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among his chiefs; and this agrees with what Bede and other old writers state was the case when the Saxons (including cognate tribes) took possession of Britain. The so-called Saxon armies may be described as a large body of armed emigrants led by an elected chief, formed of many smaller groups, each having a leader, who was, however, subordinate to the King-lord or principal chief, and when sharing among themselves a foreign possession each district was divided into Hides (a somewhat indefinite term as at present understood), the head chief taking as a matter of course a large share, and dividing the remainder between his lieutenants, and as each of these had a number of followers, they in like manner after supplying themselves allotted to each of their followers a share; by this plan the land would quickly become parcelled out and occupied, and as each individual took possession of his plot or share, it is very probable that both for the sake of protection and identity, he would set about enclosing it with some sort of fence or hedge.

It would occupy too much time were I to enter upon the different kinds of tenure by which land was held in these early times, or of the political rights which attached to them: it will be sufficient for my subject, if I state briefly my opinion that the first parcelling out of the acquired lands by the Saxon tribes would be followed by enclosing them with some description of fence, which in many instances would doubtless be a living hedge, and that there is strong evidence to connect many of the existing enclosures round our oldest villages with these early Saxon times.

In the first instance of enclosing land some kind of clearing would frequently be necessary, and as this might reach further in some directions than others an irregular boundary would follow, which we find very frequently occurs in old fields—or the first enclosures of the Saxons might follow some previous division of land made by the Britons-be this as it may-the small size of the enclosed fields round our oldest villages would seem to indicate that a considerable number of allottees were included in these early appropriations.

That the earliest hedges would be made with such plants as grew

near the proposed fence, seems feasible. And so it is that we find the oldest hedges are made up of the kinds of trees which grow indigenously in the locality. The oldest hedges I have examined in Wilts are composed (on dry soils) of hazel, wych-elm, maple, oak, dog-wood, spindle-wood, and buckthorn, about in the order placed: and in stronger soils, the ash, blackthorn, buckthorn, wild crab, and wild plum, predominate. The beech and hornbeam are rarely met with as hedge plants, and the same may be stated of the birch, but on wet soils, several species of sallow and willow are frequently found as hedge plants, as well as the alder. The dogrose, bramble and elder I consider owe their introduction into our hedge rows to chance, as does also the holly in old hedges. The nearly constant absence of the whitethorn from very old hedges may be accounted for on the ground that in the wild state in which it would be met with at the time it would be a difficult tree to transplant, and, in all probability, if used at all, soon died away.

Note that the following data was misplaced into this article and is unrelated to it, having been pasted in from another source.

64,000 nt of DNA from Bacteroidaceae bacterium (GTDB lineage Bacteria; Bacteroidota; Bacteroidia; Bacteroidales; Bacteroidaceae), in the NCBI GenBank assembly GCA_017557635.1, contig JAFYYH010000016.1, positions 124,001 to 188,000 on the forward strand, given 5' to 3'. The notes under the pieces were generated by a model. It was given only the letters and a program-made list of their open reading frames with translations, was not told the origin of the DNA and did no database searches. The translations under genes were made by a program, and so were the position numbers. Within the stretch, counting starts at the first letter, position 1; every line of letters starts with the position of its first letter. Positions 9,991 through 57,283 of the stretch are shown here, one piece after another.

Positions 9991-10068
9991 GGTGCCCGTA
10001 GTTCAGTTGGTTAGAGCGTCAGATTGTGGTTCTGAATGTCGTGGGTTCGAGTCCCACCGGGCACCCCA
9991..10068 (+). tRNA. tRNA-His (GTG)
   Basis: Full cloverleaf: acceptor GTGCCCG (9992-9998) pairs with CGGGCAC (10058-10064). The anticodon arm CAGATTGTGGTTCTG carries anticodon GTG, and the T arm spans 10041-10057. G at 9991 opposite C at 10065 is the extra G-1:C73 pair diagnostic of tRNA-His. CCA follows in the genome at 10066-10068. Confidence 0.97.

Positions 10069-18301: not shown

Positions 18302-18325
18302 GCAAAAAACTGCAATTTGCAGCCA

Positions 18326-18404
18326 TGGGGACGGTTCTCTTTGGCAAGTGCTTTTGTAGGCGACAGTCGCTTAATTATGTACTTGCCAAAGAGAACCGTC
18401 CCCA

The increase of hedges would follow the enclosures that took place from time to time on the common or unappropriated lands for the purposes of cultivation, or to establish the right of ownership. With regard to the kind of plants used in making these later hedges I find nothing to shew that any change was made; in fact, it would appear that until the establishment of nurseries for rearing young trees, plants for the purpose of forming hedges could only be procured from the neighbouring copses or unenclosed lands.

Henry VIII., fond of good living, was as we may imagine, an epicure in fruits, and his table was furnished by regular importations from the Continent during the fruit season, and as he was in this respect followed by his courtiers, the fruits of the continent became in demand, and led to the forming of nurseries in England for rearing young trees of the kinds of fruits then grown in France and the Netherlands, and it would follow that trees for the embellishment of the country seats which soon after this time sprang into existence throughout England, as well as for forming hedges, would be reared in these nursery gardens, and the yew hedges, and topiary work in evergreens found surrounding old English mansions date from about this period, but although we learn from an Italian

author, Crescentius (lib. v.) that hawthorn hedges were used in Italy in 1400, I have met with no record that the common hawthorn was employed solely for forming hedges in England before the very end of the reign of Henry VIII. In 1611 however, one Standish in a book which he called the "Commons Complaint,” lays down a new method of pruning the whitethorn (hawthorn) in fences, shewing that it was then beginning to be appreciated as a hedge plant, and in an old black letter copy of a work on planting published in 1612, the author when giving directions for planting a quick-set hedge, says :-"take whitethorne, crab tree and hollin mixed together-or else any one of them, and by no means, if you can chuse, set any blackthorne among them, for that it will grow into the fields ward and spoyle pasture and tear the wool off the sheepe's back."